For Immediate Release, June 10, 2021
Gaby Sarri-Tobar, (240) 462-5461, email@example.com
TVA’s Plans to Replace Largest Coal Plant With Dirty Gas Meet Opposition
U.S. Senate Urged to Confirm Climate Champions for TVA Board Seats
KNOXVILLE, Tenn.— The Center for Biological Diversity urged the Tennessee Valley Authority today to replace its largest coal plant with renewable energy sources that will protect the climate and public health. Today’s public scoping comments from the Center oppose the federal agency’s current plans to replace the Cumberland Fossil Plant near Clarksville, Tennessee, with polluting fossil gas.
The TVA’s Cumberland proposals come even as President Joe Biden has nominated four new people to the agency’s board of directors. The nominees would change the board’s composition because they could champion renewable energy development over fracked gas as the TVA works to retire its remaining coal plants.
The Center has called on the U.S. Senate’s Environment and Public Works Committee to set a hearing date to confirm the four TVA board candidates.
“The Cumberland decision highlights the polluting consequences of not quickly confirming these four nominees to lead the country’s largest public power provider,” said Gaby Sarri-Tobar, a campaigner in the Center’s Energy Justice program. “The clock is ticking, and it’s urgent for this Senate committee to set a hearing before the summer recess. With decisions like how to replace TVA’s largest coal plant on the line, it’s imperative for Senate to confirm candidates who will prioritize climate, justice and a 100% renewable energy transition at TVA.”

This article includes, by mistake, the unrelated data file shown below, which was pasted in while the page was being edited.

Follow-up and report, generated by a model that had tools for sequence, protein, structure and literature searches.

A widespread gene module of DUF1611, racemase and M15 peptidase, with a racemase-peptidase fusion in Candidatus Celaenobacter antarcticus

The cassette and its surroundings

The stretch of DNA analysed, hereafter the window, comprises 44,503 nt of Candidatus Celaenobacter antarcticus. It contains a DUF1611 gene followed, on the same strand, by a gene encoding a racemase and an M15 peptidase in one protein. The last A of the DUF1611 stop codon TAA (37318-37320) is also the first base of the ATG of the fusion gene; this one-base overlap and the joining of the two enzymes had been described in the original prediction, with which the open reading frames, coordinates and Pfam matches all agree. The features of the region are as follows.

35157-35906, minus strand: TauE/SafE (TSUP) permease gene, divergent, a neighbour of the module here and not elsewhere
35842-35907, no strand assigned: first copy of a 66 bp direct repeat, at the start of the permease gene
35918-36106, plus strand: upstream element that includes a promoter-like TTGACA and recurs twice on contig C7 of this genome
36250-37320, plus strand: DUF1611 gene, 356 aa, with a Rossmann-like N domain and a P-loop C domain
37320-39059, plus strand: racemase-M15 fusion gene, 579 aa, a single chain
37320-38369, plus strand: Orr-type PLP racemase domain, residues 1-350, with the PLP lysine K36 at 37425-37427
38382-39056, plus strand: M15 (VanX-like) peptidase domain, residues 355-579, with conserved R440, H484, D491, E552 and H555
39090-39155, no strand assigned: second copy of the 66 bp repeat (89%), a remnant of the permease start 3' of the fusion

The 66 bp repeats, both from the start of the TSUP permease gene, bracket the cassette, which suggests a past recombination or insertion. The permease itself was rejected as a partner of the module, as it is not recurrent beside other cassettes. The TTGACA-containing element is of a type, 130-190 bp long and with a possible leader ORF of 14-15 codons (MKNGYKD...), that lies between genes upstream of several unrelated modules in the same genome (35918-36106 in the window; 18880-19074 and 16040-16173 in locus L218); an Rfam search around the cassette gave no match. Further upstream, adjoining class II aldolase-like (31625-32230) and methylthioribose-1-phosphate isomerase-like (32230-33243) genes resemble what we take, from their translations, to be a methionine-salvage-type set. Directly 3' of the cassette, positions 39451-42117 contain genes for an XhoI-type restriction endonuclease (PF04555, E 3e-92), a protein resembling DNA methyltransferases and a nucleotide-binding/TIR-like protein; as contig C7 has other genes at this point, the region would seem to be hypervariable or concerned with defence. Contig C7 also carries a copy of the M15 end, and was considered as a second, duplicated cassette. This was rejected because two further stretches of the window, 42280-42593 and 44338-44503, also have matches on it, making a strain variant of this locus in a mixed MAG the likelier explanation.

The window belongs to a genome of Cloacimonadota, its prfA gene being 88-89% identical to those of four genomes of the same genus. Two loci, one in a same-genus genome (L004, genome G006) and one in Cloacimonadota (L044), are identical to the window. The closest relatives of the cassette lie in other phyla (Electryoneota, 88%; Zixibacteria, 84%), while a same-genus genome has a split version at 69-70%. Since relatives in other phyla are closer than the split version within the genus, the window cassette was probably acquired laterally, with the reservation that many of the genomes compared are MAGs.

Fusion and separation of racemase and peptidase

Two of the three alternatives TVA has identified to date would replace Cumberland with fracked gas plants. The Center is therefore calling for an additional alternative that prioritizes distributed renewable energy and storage. The current TVA proposal also anticipates continuing to burn highly polluting coal at Cumberland until 2033 despite an urgent call from President Biden to transform the U.S. electricity sector to be carbon-free by 2035. The Center is also urging TVA to expedite Cumberland’s complete retirement to earlier than 2030.
President Biden nominated Beth Geer, Robert Klein, Kimberly Lewis and Michelle Moore to the TVA board in April. The four nominees bring experience in community-based solar projects, renewable energy and labor to a board on which fossil fuel and corporate interests have been over-represented. The board will make critical decisions on TVA’s energy trajectory for the next two decades, including where priority is placed in renewable energy development.
Last month TVA CEO and President Jeff J. Lyash said he plans to decarbonize the TVA by 2050, but he did not explain how the agency would achieve that nonbinding goal. Like other major utilities, the TVA still depends heavily on fossil fuels. Even with Lyash’s new goal, the utility plans to continue to build new fracked gas plants, relying on false solutions that will worsen climate injustice in the Tennessee Valley.
The Center for Biological Diversity is a national, nonprofit conservation organization with more than 1.7 million members and online activists dedicated to the protection of endangered species and wild places.